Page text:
Multiple explosions were heard in Kyiv Wednesday after air raid sirens sounded in Ukraine's capital and elsewhere across the country.
The thunderous echoes of what sounded like repeated blasts rattled across the capital. Mayor Vitali Klitschko posted on Telegram that "one of the capital's infrastructure facilities has been hit." He urged people to "Stay in shelters! The air alert continues."
Klitschko didn't give further details, and there was no further information on whether and what targets may have been hit.
Russia has been repeatedly pounding Ukraine's war-time capital and power facilities across the country in recent weeks, causing widespread blackouts.
THIS IS A BREAKING NEWS UPDATE. AP's earlier story follows below.
An overnight rocket attack destroyed a hospital maternity ward in southern Ukraine, killing a 2-day-old baby, Ukrainian authorities said Wednesday. Ukraine's first lady said the attack caused "horrible pain," vowing that "we will never forget and never forgive."
The baby's mother and a doctor were pulled alive from the rubble in Vilniansk, close to the city of Zaporizhzhia.
The region's governor said the rockets were Russian. The strike adds to the gruesome toll suffered by hospitals and other medical facilities — and their patients and staff — in the Russian invasion that will enter its tenth month this week.
They have been in the firing line from the outset, including a March 9 airstrike that destroyed a maternity hospital in the now-occupied port city of Mariupol.
"At night, Russian monsters launched huge rockets at the small maternity ward of the hospital in Vilniansk. Grief overwhelms our hearts — a baby was killed who had just seen the light of day. Rescuers are working at the site," said the regional governor, Oleksandr Starukh, writing on the Telegram messaging app.
First lady Olena Zelenska wrote on Twitter that a 2-day-old boy died in the strike and expressed her condolences. "Horrible pain. We will never forget and never forgive," she said.
Photos posted by the governor showed thick smoke rising above mounds of rubble, being combed by emergency workers against the backdrop of a dark night sky.
The State Emergency Service said the two-story building was destroyed.
Vilniansk is in the Ukrainian-held north of the Zaporizhzhia region, and is about 300 miles southeast of Ukraine's capital, Kyiv. Other parts of Zaporizhzhia are Russian-held and it is one of four Ukrainian regions that Russia illegally annexed in September after internationally condemned sham referendums.
Medical workers' efforts have been complicated by unrelenting Russian attacks in recent weeks on Ukraine's infrastructure that officials say have caused huge damage to the power grid. State grid operator Ukrenergo said that all regions of Ukraine would see power outages on Wednesday.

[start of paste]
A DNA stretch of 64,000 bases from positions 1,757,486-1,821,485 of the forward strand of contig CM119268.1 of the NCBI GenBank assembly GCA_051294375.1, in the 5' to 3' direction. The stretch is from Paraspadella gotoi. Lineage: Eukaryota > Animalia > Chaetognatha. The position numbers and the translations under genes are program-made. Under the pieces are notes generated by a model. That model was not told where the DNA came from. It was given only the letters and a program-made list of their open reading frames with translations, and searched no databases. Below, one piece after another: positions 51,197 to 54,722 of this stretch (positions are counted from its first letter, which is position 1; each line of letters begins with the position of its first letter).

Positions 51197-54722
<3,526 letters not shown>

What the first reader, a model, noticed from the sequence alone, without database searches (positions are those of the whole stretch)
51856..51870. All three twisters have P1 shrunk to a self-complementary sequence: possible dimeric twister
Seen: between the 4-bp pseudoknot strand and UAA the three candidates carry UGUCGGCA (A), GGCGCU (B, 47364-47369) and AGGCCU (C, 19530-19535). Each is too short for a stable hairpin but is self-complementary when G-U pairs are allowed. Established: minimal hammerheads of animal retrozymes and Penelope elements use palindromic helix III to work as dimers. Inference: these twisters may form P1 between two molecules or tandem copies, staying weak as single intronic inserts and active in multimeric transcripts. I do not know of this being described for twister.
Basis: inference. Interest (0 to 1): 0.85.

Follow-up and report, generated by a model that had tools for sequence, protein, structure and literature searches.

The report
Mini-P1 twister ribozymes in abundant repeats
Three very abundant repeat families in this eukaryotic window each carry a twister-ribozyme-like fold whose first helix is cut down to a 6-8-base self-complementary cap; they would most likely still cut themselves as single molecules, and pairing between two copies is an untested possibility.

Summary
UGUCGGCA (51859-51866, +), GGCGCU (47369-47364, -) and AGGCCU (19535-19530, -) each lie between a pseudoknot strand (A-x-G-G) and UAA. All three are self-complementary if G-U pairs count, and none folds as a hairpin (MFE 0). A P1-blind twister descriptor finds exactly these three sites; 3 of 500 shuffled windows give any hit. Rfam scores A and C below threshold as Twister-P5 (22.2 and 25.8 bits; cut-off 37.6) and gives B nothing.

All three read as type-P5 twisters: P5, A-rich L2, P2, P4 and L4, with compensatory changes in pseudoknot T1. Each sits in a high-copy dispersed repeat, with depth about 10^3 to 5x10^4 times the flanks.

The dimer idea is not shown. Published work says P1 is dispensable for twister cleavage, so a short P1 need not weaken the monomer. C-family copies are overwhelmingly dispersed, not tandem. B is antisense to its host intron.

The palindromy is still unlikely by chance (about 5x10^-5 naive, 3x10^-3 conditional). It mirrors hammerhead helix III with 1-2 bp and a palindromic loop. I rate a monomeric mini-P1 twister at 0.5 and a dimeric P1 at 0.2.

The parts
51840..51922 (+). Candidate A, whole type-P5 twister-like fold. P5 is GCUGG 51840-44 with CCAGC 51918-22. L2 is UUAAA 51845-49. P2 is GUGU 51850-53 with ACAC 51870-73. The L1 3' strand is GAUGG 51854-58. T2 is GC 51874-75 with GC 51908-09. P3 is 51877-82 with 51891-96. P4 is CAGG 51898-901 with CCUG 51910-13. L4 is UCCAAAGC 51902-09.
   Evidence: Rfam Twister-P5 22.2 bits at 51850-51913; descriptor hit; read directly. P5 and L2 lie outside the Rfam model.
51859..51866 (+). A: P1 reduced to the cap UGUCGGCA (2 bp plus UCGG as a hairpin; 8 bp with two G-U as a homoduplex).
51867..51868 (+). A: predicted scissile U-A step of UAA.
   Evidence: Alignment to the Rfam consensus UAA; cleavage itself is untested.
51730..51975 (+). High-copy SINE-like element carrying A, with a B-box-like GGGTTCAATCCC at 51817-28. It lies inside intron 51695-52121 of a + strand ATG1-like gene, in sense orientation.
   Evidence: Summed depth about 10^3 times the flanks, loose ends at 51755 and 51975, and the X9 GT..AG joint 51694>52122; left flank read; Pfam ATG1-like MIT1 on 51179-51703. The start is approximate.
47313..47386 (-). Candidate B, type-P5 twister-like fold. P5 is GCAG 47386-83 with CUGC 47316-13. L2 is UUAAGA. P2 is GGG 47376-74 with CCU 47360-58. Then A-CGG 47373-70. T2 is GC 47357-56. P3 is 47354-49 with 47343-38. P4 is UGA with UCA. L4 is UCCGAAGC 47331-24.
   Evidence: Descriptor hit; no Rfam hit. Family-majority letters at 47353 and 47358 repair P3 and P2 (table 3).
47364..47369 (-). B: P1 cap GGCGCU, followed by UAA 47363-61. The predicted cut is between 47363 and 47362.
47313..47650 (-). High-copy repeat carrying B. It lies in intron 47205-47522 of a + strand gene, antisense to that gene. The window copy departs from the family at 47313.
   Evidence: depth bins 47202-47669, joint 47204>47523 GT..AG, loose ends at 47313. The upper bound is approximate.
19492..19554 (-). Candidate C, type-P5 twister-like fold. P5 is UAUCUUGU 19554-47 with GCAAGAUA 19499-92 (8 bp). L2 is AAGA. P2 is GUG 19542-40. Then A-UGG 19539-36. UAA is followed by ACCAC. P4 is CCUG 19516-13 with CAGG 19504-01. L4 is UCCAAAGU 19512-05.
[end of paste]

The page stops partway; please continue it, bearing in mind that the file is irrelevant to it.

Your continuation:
The situation is even worse in the southern city of Kherson, from which Russia retreated nearly two weeks ago after months of occupation — cutting power and water lines.
Many doctors in the city are working in the dark, unable to use elevators to transport patients to surgery and operating with headlamps, cell phones and flashlights. In some hospitals, key equipment no longer works.
"Breathing machines don't work, X-ray machines don't work ... There is only one portable ultrasound machine and we carry it constantly," said Volodymyr Malishchuk, the head of surgery at a children's hospital in the city.
On Tuesday, after strikes on Kherson seriously wounded 13-year-old Artur Voblikov, a team of health staff carefully maneuvered the sedated boy up six flights of a narrow staircase to an operating room to amputate his left arm.
Malischchuk said that three children wounded by Russian strikes have come to the hospital this week, half as many as had previously been admitted in all of the nine months since the invasion began. Picking up a piece of shrapnel that was found in a 14-year-old boy's stomach, he said children are arriving with severe head injuries and ruptured internal organs.
Artur's mother, Natalia Voblikova, sat in the dark hospital with her daughter, waiting for his surgery to end.
"You can't even call [Russians] animals, because animals take care of their own," said Voblikova wiping tears from her eyes. "But the children ... Why kill children?"
In the northeastern city of Kupiansk, two civilians were killed and two more were wounded by Russian shelling on Wednesday morning, a regional official said.
A nine-story residential building and a clinic were damaged, and a 55-year-old woman and a 68-year-old man died, Kharkiv governor Oleh Syniehubov said on Telegram.
Kupiansk was an early prize of Ukraine's lightning offensive in the northeastern Kharkiv region in September and, like other recaptured settlements, has seen repeated shelling by Russian forces which many Ukrainian officials describe as retaliation.
The deputy head of Ukraine's presidential office, Kyrylo Tymoshenko, said that 11 towns and villages in total were shelled in 24 hours in the Zaporizhzhia region. He said Russian forces also launched more than 30 missiles at Ukrainian-held towns near the Zaporizhzhia nuclear power plant, Europe's largest, damaging residential buildings and power lines.
In Strasbourg, France, the European Parliament overwhelmingly backed a resolution labeling Russia a state sponsor of terrorism for its invasion of and actions in Ukraine. The nonbinding but symbolically significant resolution passed in a 494-58 vote with 48 abstentions.
Ukrainian President Volodymyr Zelenskyy welcomed the vote. "Russia must be isolated at all levels and be held accountable in order to end its longstanding policy of terrorism in Ukraine and across the globe," he wrote on Twitter.
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